How to Buy a House in Europe

You have just returned from an amazing trip where you travelled in Europe. Now you are thinking you want to buy a home over there. Whether you permanently move to Europe, or simply buy a second home as a vacation spot, you’ll need to know a few things. You first might want to get set up with an English speaking lawyer in Europe as there are laws and things you’ll need to fully understand in order to be safe and protect your interests. Just like how home prices can vary from country to country, so can transaction costs. These transactions costs can include registration taxes, property transfer taxes, legal fees and of course agents’ commissions which isn’t surprising.

How to Buy a House in EuropeNo matter where you are moving to Europe from, you’ll want to be sure and understand the conversion rate so you know exactly what you can and can’t afford. It is a known fact that housing markets in many parts of Europe are struggling, so theoretically you can pick up a great house for a good price. Some specific areas to look at for good deals include Ireland, Spain, Greece and Eastern Europe. If you are considering France, keep in mind that the average detached home costs approximately $800 per square foot. Therefore, it you were looking for a home that was 2,000 square feet your price would be around $1.6 million dollars. A little pricey if you ask me!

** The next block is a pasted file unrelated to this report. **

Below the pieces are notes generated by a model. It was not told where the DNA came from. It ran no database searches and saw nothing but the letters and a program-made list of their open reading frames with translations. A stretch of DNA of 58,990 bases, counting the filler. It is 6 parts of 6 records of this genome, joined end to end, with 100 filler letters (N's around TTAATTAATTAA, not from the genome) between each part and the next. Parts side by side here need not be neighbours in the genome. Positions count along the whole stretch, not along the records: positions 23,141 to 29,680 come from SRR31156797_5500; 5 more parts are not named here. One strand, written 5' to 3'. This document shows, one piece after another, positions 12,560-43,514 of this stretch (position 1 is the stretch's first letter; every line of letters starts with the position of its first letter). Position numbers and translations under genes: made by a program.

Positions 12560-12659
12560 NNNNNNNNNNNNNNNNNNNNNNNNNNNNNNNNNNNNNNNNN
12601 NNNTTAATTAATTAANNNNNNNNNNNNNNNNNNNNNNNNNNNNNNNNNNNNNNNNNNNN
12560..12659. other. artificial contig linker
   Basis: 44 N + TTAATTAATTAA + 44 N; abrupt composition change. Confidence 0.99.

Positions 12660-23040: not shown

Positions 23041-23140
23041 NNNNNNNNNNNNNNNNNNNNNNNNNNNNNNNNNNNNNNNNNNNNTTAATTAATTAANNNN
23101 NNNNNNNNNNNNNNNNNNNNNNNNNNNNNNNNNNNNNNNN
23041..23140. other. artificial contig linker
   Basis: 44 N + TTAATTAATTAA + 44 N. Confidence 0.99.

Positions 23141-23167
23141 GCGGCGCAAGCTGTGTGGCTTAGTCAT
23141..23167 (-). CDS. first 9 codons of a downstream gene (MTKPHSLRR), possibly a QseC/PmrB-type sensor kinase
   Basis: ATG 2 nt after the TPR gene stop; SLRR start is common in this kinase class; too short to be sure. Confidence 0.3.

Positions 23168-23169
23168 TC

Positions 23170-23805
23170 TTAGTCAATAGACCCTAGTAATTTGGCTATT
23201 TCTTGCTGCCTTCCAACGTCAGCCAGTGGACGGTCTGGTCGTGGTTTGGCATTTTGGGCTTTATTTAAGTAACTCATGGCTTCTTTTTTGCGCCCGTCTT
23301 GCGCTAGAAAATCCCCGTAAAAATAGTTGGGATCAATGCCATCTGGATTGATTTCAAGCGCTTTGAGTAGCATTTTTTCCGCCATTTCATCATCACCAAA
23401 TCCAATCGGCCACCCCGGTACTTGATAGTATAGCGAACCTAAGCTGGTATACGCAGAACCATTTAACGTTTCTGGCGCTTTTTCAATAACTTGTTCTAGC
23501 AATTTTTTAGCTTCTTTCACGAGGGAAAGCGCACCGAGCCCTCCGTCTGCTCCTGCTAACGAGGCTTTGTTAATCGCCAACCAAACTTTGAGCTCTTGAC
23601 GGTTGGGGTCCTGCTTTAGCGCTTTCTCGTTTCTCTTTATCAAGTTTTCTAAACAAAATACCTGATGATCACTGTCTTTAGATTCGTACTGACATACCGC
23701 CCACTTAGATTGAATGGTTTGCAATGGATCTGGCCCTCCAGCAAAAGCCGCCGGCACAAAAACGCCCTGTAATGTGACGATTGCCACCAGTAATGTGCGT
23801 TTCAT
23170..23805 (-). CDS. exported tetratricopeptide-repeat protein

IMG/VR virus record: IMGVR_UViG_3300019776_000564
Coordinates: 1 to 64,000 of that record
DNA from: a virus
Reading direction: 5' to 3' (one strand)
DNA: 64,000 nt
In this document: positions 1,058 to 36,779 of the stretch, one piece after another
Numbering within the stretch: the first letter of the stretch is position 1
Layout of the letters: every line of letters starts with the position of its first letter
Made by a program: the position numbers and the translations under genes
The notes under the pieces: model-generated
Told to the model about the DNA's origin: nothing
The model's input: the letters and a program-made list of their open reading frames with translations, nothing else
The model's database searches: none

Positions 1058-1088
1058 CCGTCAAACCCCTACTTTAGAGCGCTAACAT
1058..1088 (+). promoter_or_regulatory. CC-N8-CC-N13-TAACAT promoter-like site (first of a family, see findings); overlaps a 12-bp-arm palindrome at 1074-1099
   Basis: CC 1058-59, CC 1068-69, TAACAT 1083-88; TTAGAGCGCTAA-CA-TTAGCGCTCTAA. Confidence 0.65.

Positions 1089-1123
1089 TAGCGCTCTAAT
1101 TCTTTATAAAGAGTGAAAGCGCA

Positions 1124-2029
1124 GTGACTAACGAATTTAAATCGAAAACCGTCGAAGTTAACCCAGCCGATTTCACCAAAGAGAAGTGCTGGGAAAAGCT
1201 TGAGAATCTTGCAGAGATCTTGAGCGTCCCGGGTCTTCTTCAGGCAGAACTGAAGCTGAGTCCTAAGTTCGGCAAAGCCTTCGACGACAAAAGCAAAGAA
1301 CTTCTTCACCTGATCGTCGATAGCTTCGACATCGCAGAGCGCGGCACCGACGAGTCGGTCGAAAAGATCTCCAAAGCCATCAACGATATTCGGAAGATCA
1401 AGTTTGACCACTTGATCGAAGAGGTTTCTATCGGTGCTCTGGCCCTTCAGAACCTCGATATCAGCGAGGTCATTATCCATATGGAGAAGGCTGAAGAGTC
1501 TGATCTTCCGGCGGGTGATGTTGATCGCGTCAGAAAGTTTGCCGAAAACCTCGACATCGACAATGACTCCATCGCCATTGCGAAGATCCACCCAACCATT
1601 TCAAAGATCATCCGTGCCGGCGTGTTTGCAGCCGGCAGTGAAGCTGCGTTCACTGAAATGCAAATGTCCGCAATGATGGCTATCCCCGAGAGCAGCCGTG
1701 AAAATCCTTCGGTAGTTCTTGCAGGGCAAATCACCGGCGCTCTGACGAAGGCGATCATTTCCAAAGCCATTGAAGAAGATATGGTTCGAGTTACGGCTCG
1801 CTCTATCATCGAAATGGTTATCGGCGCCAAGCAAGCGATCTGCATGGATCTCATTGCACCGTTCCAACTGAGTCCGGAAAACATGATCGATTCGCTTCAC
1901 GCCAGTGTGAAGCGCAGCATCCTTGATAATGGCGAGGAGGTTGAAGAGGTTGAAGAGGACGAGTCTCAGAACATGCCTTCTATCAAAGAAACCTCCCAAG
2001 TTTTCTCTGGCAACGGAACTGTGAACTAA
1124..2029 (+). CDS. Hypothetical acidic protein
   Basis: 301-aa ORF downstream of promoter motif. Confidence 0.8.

Furthermore, transactions costs could equate to up to 13% of the purchase price so in the same scenario we’re looking at additional costs equalling $208,000. That’s a lot of money! Unlike realtors here in the US, over in France they don’t have multiple listings available, so you’ll be going from agent to agent to get a wide overview of homes. Germany on the other hand is much more easy on the wallet. The average home price for something built in 2008 so about 5 years old is $296,000. That’s a lot easier to swallow if you ask me! Also their transactions costs are a lot lower coming in with a max of 9% of the purchase price. In Germany however you won’t find the same options for mortgage payment help so make sure you are able to put down a decent down payment. This is definitely something to keep in mind. An interesting fact is that about 20% of all German residential property is bought for and paid in cash. Third example is moving over to Ireland. Within the last 3 years the average home price was listed at $257,000 so very reasonable.

There are even no restrictions on foreign property ownership. You simply need to pay a deposit which is 3% of the purchase price and at the time the contract is signed you are obligated to pay another 10% of the purchase price minus the deposit. So on a $257,000 home you’d have to pay a deposit of $7,710 and then pay $24,929 at the contract signing. If owning a home in Europe is something you are interested in then check out real estate Europe for some great options!

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